British sterling?

PHOTOS REQUIRED - marks + item
hpidaves
Posts: 65
Joined: Wed Jun 28, 2017 12:37 pm

British sterling?

Postby hpidaves » Fri Oct 25, 2019 9:00 pm

I have a set of tongs (5 1/2") that could be sterling -- they have what appears to be a lion passant mark and what I believe is a maker's mark (S.A -- Stephen Adams?), but no other hallmarks. The piece is in rough condition -- both ends of the tongs have broken off (I have one of the pieces). There is very light etching near the "passant", but it's very hard to see and/or photograph. It seems to read something like a hand etched script "E W / 4".

Any idea if this is indeed sterling?

Regards,
David

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silvermakersmarks
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Re: British sterling?

Postby silvermakersmarks » Sat Oct 26, 2019 2:28 am

These tea tongs look exactly as I would expect a pair of London tongs from before 1784 to look. It was normal for only the sterling lion passant and maker's marks to be used; after 1784 a duty mark would also be applied. SA is indeed Stephen Adams.

Phil

hpidaves
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Re: British sterling?

Postby hpidaves » Sat Oct 26, 2019 10:06 am

Phil,
Thank you so much. I wish they were in better condition. I'm very angry with myself -- the broken piece I have was broken by me. That side was bent outward so I attempted to carefully bend it back and it snapped off. The other side was missing the bottom part when I acquired the piece.

In your opinion, could this be repaired?

Regards,
David

Sasropakis
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Re: British sterling?

Postby Sasropakis » Sat Oct 26, 2019 10:47 am

Cast tongs are notorious to be quite fragile so most of them have had repairs at some point. Professional silversmith can probably fix the broken piece rather easily. Or were you thinking about replacing the missing part too? That might be quite expensive.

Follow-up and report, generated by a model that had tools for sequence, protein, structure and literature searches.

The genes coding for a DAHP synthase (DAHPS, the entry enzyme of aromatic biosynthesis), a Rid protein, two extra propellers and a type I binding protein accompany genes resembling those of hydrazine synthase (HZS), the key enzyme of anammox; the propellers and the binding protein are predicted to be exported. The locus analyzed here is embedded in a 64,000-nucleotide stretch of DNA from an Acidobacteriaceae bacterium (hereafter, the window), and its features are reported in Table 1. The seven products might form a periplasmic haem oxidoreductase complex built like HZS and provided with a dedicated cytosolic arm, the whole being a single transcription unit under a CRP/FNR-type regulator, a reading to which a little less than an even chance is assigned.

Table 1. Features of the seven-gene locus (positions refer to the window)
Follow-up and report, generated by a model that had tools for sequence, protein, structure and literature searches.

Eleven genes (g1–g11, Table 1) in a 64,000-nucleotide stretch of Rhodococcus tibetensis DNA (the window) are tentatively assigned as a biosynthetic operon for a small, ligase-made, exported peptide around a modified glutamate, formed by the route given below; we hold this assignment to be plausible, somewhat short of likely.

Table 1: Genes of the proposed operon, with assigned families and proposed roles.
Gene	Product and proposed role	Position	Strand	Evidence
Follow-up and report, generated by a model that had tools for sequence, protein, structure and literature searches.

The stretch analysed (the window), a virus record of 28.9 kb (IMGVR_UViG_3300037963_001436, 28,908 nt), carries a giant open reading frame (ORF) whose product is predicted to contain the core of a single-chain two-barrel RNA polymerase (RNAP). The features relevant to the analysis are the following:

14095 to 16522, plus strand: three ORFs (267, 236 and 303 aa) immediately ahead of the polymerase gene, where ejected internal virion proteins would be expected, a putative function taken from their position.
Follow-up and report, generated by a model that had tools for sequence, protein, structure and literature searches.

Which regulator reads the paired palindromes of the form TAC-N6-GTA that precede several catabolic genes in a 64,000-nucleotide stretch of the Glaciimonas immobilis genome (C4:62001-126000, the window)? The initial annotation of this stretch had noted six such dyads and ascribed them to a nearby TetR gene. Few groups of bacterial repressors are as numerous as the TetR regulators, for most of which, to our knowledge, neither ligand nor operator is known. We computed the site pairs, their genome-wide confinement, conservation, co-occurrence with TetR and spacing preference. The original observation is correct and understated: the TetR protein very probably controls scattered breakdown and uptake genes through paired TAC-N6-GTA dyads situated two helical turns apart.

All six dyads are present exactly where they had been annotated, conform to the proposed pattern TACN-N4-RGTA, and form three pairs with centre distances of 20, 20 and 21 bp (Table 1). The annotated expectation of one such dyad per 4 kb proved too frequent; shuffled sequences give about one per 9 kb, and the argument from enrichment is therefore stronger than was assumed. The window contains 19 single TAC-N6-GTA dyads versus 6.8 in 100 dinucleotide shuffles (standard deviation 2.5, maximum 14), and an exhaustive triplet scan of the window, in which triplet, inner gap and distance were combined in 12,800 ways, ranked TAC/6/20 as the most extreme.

dognose
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Re: British sterling?

Postby dognose » Sat Oct 26, 2019 11:23 am

Hi,

Cast tongs such as these are made in three parts. You will see the solder lines where the Lion Passant is struck. The striking of the Lion Passant directly over the solder line is intentional, this is to prevent later re-soldering of sub-standard arms on to loop after assay.

Trev.

hpidaves
Posts: 65
Joined: Wed Jun 28, 2017 12:37 pm

Re: British sterling?

Postby hpidaves » Sat Oct 26, 2019 7:51 pm

I have one quote for fixing the piece -- about $900 - $1200, so I think I will pass on that :)

I appreciate all the information -- I did notice that there appeared to be three separate pieces connected together. That makes sense about where the passant and maker's mark are placed.

I wonder how it would look with the other "fan" end removed from the broken piece and re-connected? Both ends could be smoothed and rounded off so they match. It's just for my personal collection anyway. Just a thought.

Regards,
David

Sasropakis
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Re: British sterling?

Postby Sasropakis » Sun Oct 27, 2019 4:04 am

I would just have the broken piece soldered but only if the cost is reasonable. Removing the other bowl would damage the piece even more and make it look rather odd in my opinion. Despite their age Georgian sugar tongs aren't especially valuable so some might even just scrap damaged items although I wouldn't want to see this done to a nearly 250 years old item. In case you aren't alredy familiar with this site you can find a lot of useful information here: http://www.silversugartongs.com/Collectors/repairs.htm (I chose the repairs section for the link)

hpidaves
Posts: 65
Joined: Wed Jun 28, 2017 12:37 pm

Re: British sterling?

Postby hpidaves » Sun Oct 27, 2019 9:42 am

Yes, you are right -- I guess it would look odd. I will definitely not scrap it -- too old and still attractive. I know some people who might be able to help out in casting the missing fan piece. I'm a teacher and some Tech Ed teachers at my school teach casting metals. I have some scrap sterling that could be used. Definitely a project, but I'll see what I can do.

Regards,
Dave


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